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From Rich Bowen <>
Subject Re: Does GSoC help develop communities?
Date Mon, 05 Dec 2016 16:54:30 GMT

On 12/05/2016 07:41 AM, Ulrich Stärk wrote:
>> Or, at the very least, can we make a commitment to track this data going
>> > forward?
> Let me play the devil's advocate here: What for?
> GSoC is completely free for the ASF (on the contrary, we even get a small amount for
every accepted
> student that we can than put towards fulfilling our goals) and as long as we have volunteers
> to organize it and mentor students we can assume that at least those volunteers are seeing
value in
> it. Why the stats other than for satisfying our curiosity?

Or, perhaps, let me give a different answer.

I participated in GSoC as a mentor for $WorkProject. While it didn't
"cost" me anything in dollars, it cost me probably 200 hours of my time.
I know that other projects at work put more time in, and some less.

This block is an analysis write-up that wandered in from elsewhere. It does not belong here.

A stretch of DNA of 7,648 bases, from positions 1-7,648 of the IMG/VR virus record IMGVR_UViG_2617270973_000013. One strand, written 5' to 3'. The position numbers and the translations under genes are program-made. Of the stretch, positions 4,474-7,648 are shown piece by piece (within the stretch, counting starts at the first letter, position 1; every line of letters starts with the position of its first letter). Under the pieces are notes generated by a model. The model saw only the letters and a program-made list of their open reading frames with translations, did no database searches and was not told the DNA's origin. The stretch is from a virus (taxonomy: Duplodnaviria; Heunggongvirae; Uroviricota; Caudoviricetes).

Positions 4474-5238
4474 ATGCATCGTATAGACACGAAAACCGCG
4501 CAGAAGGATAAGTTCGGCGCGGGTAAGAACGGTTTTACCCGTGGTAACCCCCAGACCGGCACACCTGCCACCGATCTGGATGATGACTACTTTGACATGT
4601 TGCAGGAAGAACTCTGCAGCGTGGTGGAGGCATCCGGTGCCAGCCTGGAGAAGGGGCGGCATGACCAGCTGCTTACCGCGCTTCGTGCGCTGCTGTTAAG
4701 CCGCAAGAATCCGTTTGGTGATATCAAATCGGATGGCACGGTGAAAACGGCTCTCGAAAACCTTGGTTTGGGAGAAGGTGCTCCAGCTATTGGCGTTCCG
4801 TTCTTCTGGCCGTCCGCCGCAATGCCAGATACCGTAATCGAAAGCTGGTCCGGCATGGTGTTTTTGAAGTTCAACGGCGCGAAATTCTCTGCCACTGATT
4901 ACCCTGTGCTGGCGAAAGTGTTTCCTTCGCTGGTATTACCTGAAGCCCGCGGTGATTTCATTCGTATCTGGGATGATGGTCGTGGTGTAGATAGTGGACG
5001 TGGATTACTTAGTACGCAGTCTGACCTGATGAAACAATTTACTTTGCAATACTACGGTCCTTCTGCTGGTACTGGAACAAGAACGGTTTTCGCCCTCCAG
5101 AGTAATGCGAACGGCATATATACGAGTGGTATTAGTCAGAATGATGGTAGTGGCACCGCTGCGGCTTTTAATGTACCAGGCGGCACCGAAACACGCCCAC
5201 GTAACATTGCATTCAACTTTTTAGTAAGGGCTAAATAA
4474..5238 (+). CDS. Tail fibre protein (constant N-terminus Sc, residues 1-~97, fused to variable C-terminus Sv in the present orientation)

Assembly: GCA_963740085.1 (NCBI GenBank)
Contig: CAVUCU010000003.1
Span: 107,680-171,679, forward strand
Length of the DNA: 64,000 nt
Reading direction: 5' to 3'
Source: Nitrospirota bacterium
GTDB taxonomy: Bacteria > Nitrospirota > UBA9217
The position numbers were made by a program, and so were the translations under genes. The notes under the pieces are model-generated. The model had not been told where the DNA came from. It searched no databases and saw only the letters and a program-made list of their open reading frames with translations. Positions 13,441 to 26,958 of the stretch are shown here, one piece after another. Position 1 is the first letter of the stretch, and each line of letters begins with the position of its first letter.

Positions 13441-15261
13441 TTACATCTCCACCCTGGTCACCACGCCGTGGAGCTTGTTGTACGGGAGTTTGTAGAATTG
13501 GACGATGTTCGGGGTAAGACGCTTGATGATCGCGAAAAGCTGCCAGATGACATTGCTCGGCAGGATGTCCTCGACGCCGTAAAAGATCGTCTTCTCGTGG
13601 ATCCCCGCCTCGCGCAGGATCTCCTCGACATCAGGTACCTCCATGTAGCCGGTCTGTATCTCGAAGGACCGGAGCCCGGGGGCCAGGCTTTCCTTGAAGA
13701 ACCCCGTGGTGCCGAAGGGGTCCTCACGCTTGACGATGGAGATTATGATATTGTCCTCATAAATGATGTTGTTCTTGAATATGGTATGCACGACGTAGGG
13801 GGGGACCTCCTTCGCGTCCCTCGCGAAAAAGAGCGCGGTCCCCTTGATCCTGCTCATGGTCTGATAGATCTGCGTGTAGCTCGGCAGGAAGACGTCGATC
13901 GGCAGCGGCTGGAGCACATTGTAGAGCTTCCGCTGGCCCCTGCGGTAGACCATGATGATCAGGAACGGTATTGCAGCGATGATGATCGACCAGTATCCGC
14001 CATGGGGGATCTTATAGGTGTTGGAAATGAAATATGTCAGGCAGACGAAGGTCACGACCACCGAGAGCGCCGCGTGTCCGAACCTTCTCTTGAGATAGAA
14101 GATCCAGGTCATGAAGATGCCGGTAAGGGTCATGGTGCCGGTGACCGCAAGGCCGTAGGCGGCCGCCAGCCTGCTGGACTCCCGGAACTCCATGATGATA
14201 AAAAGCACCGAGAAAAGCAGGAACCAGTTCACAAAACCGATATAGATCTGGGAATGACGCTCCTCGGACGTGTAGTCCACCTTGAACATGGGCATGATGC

This is an enormous cost to me, as an employee. So it behooves me to
measure the benefit to the project. A student received payment to write
code that was discarded. And I (and several of my colleagues) spent a
huge amount of time, which I could have spent on other things, mentoring
that student. Benefit to project, pretty heavily negative.

So, now, here we are at the ASF, doing GSoC with our projects, and
promoting it to them as a benefit. Does it actually benefit them, or is
it merely siphoning off time that could be spent on other things.

To folks that say we can't measure that, I strongly disagree. There are
two measures that are obvious and easy.

1) What % of GSoC student are still active on the project 6 months, 12
months, 18 months after the project. (We can debate the definition of
"active" all you like.

2) What % of code developed by GSoC students actually becomes a part of
the project codebase at the end of the project?

I would maintain that #1 is part of our charter as ComDev, and #2 is
part of what projects should be made aware of before they sign on.

Again, I'm really not asking for a lot of data here. But I do think that
it's part of a responsible accounting for participating in GSoC. If, for
example, it is actually hindering projects, don't we want to know that.

I did *not* participate in GSoC again, on $WorkProject, because it
clearly hindered my project.

Rich Bowen - - @rbowen - @apachecon

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